Steven Goldman: Well, you're proposing a rather limited scenario. The free agency era has made that kind of thing possible. Certainly the Yankees lost three quality pitchers at one stroke winter 2003, when Clemens, Pettitte, and Wells all hit the road. I haven't done a strict study, but I bet in terms of VORP there are few teams that took such a blow at once. Still, Beane did something very audacious.

tcfatone (New York): I'll tell you how the Sox got "smart enough"....they were smart enough to have Tony Clark's ball bounce into the rightfield stands for a ground rule double. Oh yeah...I went there....

Steven Goldman: That's not quite fair. They were smart enough to have tried Tony Clark and shined him on. They were smart enough to sign David Ortiz so they wouldn't need Tony Clark. They were smart enough to trade for the parts they needed during the season rather than live with Tony Clark. They didn't have Felix Heredia on their team either. They came up with Mike Myers when they needed an extra lefty rather than just live with Alan Embree. THEY WERE PROACTIVE, as proactive as the other team was complacent.

TThunder (Omaha, NE): Hey, Steve, since we're on the Yanks, how many games do you think Bernie will play in center? And will Glanville actually be the one to spot him when he's sore? Thanks, another Yankee hater...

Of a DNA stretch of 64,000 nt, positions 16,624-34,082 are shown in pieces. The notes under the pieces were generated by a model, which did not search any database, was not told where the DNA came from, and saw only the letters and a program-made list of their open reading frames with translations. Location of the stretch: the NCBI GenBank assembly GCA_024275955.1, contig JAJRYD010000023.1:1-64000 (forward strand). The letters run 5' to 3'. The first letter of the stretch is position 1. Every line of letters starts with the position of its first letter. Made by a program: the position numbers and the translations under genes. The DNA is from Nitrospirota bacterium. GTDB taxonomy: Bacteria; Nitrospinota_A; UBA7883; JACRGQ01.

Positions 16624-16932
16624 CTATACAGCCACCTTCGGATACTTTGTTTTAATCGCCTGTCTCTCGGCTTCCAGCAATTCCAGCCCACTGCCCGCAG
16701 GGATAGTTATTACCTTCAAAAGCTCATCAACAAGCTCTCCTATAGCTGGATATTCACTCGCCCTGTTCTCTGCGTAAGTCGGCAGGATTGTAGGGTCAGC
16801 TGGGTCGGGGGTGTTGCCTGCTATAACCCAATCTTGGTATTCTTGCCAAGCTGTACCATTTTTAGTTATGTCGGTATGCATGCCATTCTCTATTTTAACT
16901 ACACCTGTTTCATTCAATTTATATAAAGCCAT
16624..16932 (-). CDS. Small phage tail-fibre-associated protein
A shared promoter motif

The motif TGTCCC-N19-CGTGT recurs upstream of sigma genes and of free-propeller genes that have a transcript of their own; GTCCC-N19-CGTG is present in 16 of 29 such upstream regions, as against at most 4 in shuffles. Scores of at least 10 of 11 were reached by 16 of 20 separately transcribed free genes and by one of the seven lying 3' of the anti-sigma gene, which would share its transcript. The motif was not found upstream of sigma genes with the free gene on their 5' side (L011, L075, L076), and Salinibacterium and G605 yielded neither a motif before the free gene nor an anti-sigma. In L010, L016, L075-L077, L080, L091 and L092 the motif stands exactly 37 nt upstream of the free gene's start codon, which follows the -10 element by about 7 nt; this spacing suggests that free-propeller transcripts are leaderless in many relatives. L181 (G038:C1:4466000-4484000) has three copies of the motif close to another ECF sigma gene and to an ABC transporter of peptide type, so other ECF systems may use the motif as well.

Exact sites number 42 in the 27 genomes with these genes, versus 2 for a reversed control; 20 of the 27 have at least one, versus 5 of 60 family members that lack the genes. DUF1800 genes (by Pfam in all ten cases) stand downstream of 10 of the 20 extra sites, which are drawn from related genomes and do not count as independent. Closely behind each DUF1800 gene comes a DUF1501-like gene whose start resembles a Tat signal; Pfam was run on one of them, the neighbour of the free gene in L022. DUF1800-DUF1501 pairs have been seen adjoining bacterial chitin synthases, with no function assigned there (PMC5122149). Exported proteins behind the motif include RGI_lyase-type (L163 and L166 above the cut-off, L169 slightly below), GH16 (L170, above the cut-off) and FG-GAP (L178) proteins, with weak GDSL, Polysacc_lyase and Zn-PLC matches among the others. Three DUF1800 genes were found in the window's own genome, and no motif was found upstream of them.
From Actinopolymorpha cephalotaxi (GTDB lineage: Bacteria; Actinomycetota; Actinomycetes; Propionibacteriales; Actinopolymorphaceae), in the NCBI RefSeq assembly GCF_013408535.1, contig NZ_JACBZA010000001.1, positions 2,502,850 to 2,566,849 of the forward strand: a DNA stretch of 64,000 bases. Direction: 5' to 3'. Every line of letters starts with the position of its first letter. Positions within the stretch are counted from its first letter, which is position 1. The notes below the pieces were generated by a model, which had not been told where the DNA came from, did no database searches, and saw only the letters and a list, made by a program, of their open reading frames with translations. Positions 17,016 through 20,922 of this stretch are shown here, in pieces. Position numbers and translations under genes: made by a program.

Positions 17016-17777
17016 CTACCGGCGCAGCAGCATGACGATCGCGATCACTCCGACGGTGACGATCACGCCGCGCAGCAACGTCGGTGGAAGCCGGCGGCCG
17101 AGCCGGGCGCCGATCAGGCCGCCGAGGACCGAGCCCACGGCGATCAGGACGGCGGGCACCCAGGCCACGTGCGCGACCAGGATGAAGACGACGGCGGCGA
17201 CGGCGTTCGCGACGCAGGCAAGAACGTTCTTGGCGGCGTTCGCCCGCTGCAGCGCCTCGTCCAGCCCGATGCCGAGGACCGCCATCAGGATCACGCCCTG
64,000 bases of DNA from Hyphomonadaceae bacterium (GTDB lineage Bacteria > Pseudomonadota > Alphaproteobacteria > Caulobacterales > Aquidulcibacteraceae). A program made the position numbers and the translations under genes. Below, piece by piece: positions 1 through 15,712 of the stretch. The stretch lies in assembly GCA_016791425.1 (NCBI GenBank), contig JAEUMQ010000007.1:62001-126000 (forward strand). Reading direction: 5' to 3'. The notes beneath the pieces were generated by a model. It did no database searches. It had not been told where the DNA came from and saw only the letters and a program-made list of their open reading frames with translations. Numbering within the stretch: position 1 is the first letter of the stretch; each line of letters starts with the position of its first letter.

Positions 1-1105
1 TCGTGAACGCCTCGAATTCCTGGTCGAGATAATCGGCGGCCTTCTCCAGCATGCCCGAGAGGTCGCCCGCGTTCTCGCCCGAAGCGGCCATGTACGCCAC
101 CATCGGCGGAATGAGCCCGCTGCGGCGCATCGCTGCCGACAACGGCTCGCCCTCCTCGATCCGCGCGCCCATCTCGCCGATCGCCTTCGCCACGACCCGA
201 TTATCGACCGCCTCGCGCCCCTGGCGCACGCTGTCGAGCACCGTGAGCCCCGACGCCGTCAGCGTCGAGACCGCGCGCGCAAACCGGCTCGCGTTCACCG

Steven Goldman: To finish my previous thought, the Red Sox "getting smart" isn't only about what they did during the season, but a process of turning their back on 80 years of racism, cronyism, and any other ism that put winning second. We get into every aspect of the construction of the team and the philosophical imperatives that dictated those choices.

Bernie, wow. Bernie will miss his usual 30 games. That much I can say for sure. The Yankees are going to have to live with him for the other 132 contests because any other option they have will quite literally knock them out of the race. Doug Glanville will sadly make the team as Bubba Crosby has an option left. Crosby ain't Tris Speaker, but he's better than Glanville by a country mile.

Jocelyn Jordan (Cape Cod): Hello Steven, you culture vulture. Highest career value: Pat "the bat" Burrell, Colonel Bat Guano, or gunslinger Bat Masterson?

Steven Goldman: I'm going with Bat Masterson, who you might know became a sportswriter when he hung up his guns. I like the idea of the gunslinging, bowler-wearing, sportswriter/adventurer. We sportswriters need that kind of role model to boost our shaky self-images.

This is a big year for Pat Burrell, natch. He's this close to being a legendary... well, not bust, but someone who will go down in history as having failed to live up to what people thought his skill set would allow him to do.

tcfatone (NYC): To give credit to the Sox for passing on Tony Clark is weak. The only reason the Yanks had Tony Clark in the game was Giambi's health, Lee's health, Olerud's health. Right? To act like the Yanks were foolish and the Sox smart because of Tony Clark decisions is revisionist history....

Steven Goldman: Nope, no revisionist history here, dad. The Yankees went into 2004 with an inadequate plan for 1B. They pretended Giambi was going to play defense every day, when they knew from the season before that he had physical problems and defensive shortcomings that were going to make that unlikely. Add in the manager's preference for gloves at first and it was 100% impossible that Giambi would play anything like a full year in the field. They then booked Travis Lee and Tony Clark to play first when Giambi wasn't going to be out there - which was proving to be all the time, even before his health quit.